Dentine hypersensitivity: causes, diagnosis and treatment
Moira Crawford speaks to hypersensitivity expert David Gillam, who considers treatment options and the role of a new product, Biomin.
Many patients may complain of sensitive teeth, particularly in response to hot or cold food and drink, and the management of dentine hypersensitivity has been something of an enigma for the dental profession. It’s a question I posed to Dr David Gillam, who is a clinical senior lecturer at Barts and The London School of Medicine and Dentistry, Queen Mary University of London and a world renowned expert on dentine hypersensitivity.
Dr Gillam first became involved with the issue in 1989 when he worked on a clinical study evaluating two toothpastes for dentine hypersensitivity and then completed his doctorate on the subject. Since then he has worked on a variety of projects studying the efficacy and claims of desensitising products, and has published widely on the subject of dentine sensitivity and its treatment. He has also chaired a UK Expert Forum on dentine hypersensitivity, which produced definitive guidelines on its management (Gillam et al, 2013).
Most recently, Dr Gillam has been closely involved with the development of Biomin F, a new product based on bioactive glass, which takes a different approach to the management of dentine hypersensitivity. Collaborating with materials scientist Professor Robert Hill, also of the Dental Institute, Queen Mary University of London, he has participated in the research and development of Biomin F and other patented products for the treatment of dentine hypersensitivity.
‘Our collaboration came from a chance meeting in 2009,’ explained Dr Gillam. ‘We developed an immediate rapport and enthusiasm for working together in developing products towards the management of the problem. I enjoy working with him and although we came from different scientific backgrounds we were able to initiate a number of ideas that led to tangible results.’
What is dentine hypersensitivity?
According to Dr Gillam, the pain of dentine hypersensitivity (DH) or dentine sensitivity (DS) is described by patients as ‘rapid in onset, sharp in character and transient in nature’. Formally it has been described as ‘pain derived from exposed dentine in response to chemical, thermal, tactile or osmotic stimuli which cannot be explained as arising from any other dental defect or disease’ (Canadian Consensus Document, 2003).
It’s clear from the published literature, said Dr Gillam, that DH is a common problem, though its impact on sufferers varies and its prevalence depends on how the data are collected. ‘A recent systematic review suggests that up to 33% of the population may be affected,’ he said, ‘but for the majority it is a relatively minor and episodic or transient problem. However, for about 10% of the general population may be a severe problem and have a major impact on their quality of life.’
Dr Gillam suggested that DH can present at any age, but the majority of sufferers range between 20-50 years, with a peak prevalence at the age of 30-39 years. Women complain of the problem more but, he says, that while this may be numerically correct, the difference is not necessarily statistically significant.
The teeth most commonly affected are premolars and canines, particularly on the buccal aspect due to over-zealous and/or incorrect brushing, but all teeth could potentially be involved and some recent studies have shown molars to be affected. ‘Cold food and drink, and cold air seem to be the most common triggers,’ said Dr Gillam. ‘There are other triggers, such as hot foods, but they don’t appear to have the same effect as cold on dentine hypersensitivity.’
There are a number of causes of dentine sensitivity, chief among these being:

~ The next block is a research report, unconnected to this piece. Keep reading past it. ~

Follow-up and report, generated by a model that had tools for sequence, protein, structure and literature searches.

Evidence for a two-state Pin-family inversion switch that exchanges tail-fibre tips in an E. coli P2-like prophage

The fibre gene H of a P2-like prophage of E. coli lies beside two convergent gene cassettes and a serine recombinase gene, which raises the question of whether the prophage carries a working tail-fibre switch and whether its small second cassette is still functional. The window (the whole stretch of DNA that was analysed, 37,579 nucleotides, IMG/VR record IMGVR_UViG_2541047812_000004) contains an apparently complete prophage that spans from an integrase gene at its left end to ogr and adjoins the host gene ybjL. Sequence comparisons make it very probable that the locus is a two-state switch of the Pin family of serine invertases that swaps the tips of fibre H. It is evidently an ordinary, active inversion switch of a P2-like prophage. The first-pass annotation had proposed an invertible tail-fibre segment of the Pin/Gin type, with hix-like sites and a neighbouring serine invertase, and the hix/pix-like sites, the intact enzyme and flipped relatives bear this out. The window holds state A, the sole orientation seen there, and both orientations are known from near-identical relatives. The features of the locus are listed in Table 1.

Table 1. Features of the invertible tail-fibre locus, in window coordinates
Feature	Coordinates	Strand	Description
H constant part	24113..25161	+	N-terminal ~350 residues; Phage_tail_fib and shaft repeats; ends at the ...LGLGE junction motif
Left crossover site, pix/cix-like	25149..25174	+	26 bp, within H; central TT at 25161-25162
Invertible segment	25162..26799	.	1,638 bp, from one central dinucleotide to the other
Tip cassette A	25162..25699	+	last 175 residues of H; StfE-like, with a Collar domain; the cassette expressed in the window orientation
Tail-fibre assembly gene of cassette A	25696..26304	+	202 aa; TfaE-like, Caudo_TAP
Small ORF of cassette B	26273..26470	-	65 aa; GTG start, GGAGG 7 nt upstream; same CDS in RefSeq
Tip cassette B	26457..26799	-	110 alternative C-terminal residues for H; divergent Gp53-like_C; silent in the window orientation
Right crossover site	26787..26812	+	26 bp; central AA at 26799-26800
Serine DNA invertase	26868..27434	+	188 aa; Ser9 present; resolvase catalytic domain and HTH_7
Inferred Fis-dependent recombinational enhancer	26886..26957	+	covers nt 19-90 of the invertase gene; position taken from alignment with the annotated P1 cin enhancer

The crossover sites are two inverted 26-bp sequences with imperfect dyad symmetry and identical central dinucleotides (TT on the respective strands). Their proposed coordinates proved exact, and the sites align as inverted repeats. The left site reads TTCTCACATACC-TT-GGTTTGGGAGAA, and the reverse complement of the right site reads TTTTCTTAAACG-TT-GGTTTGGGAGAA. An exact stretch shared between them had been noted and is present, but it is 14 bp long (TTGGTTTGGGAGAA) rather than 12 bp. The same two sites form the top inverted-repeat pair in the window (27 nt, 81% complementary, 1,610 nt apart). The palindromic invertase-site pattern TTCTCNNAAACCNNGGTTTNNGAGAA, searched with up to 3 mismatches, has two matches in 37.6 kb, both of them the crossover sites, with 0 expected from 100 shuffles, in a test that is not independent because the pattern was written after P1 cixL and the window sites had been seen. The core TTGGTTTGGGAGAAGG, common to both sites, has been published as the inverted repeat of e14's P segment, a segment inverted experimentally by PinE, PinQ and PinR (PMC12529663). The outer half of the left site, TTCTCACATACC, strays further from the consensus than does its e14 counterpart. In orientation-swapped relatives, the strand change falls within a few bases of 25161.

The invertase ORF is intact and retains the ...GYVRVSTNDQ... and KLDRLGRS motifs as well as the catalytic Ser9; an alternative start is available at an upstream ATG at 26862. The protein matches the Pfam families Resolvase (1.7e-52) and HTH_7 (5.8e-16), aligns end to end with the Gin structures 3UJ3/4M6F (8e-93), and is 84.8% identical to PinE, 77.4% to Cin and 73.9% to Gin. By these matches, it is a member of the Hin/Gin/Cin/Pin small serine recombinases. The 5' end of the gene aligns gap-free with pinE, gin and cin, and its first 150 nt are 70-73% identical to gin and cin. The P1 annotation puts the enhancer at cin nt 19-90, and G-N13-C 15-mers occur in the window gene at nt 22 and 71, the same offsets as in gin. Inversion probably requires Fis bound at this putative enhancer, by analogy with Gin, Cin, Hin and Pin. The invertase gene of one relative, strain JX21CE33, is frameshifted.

- Gingival recession
- Quality of the buccal bone
- Periodontal disease and its treatment
- Surgical and restorative procedures
- Patient destructive habits.
DH has also been considered to be a tooth wear phenomenon, characterised predominantly by erosion which may expose the dentine surface and initiate the tooth surface loss. Once the dentine is exposed, the dentinal tubules will be open and exposed, and as a consequence stimuli such as cold may initiate minute fluid movement within the tubules and initiate sensitivity. ‘In general terms the dentine needs to be exposed and the dentinal tubules need to be open in order for sensitivity to occur,’ summarised Dr Gillam. ‘It should be noted, though, that not all exposed dentine is sensitive.’
Diagnosis of DH should include a thorough history of the complaint, an assessment of the severity and extent of the problem and a clinical examination to rule out any other conditions with a similar presentation, eg, cracked tooth syndrome, fractured restorations or teeth, or dental caries. ‘From a clinical perspective, the dentist should test the tooth by blowing cold air from a cold air syringe or run an explorer probe across the affected site,’ said Dr Gillam. ‘From the patient’s perspective they may simply tell the dentist that they have a problem with a tooth responding to cold food, drink etc. A simple 0-10 scale (no pain to severe pain) may also be used to evaluate the patient’s pain.’
He stressed that it is important to acknowledge that there may be different presenting features associated with DH and these should be considered when deciding on a management strategy.
The expert panel which Dr Gillam chaired in 2013 has identified three main categories of patients with DH:
- Patients with relatively healthy mouths and DH as a result of meticulous and perhaps overzealous oral hygiene
- Patients who complain of DH as a result of periodontal disease and/or its treatment and may also have aesthetic concerns relating to the loss of gingival tissue (gingival recession)
- Patients who complain of DH as a result of tooth wear problems.
The management of DH in each case will depend to some degree on the category into which the patient falls.
Once the diagnosis is made, management of DH involves preventing any further deterioration of the condition through appropriate treatment choices, dietary advice, such as reducing consumption of acid foods and drinks, education in correct oral hygiene/brushing techniques, or reducing habits that are causing problems, and perhaps more importantly the ongoing monitoring of the condition. A wide range of professional and over the counter products to reduce DH is available for the dentist to apply or recommend.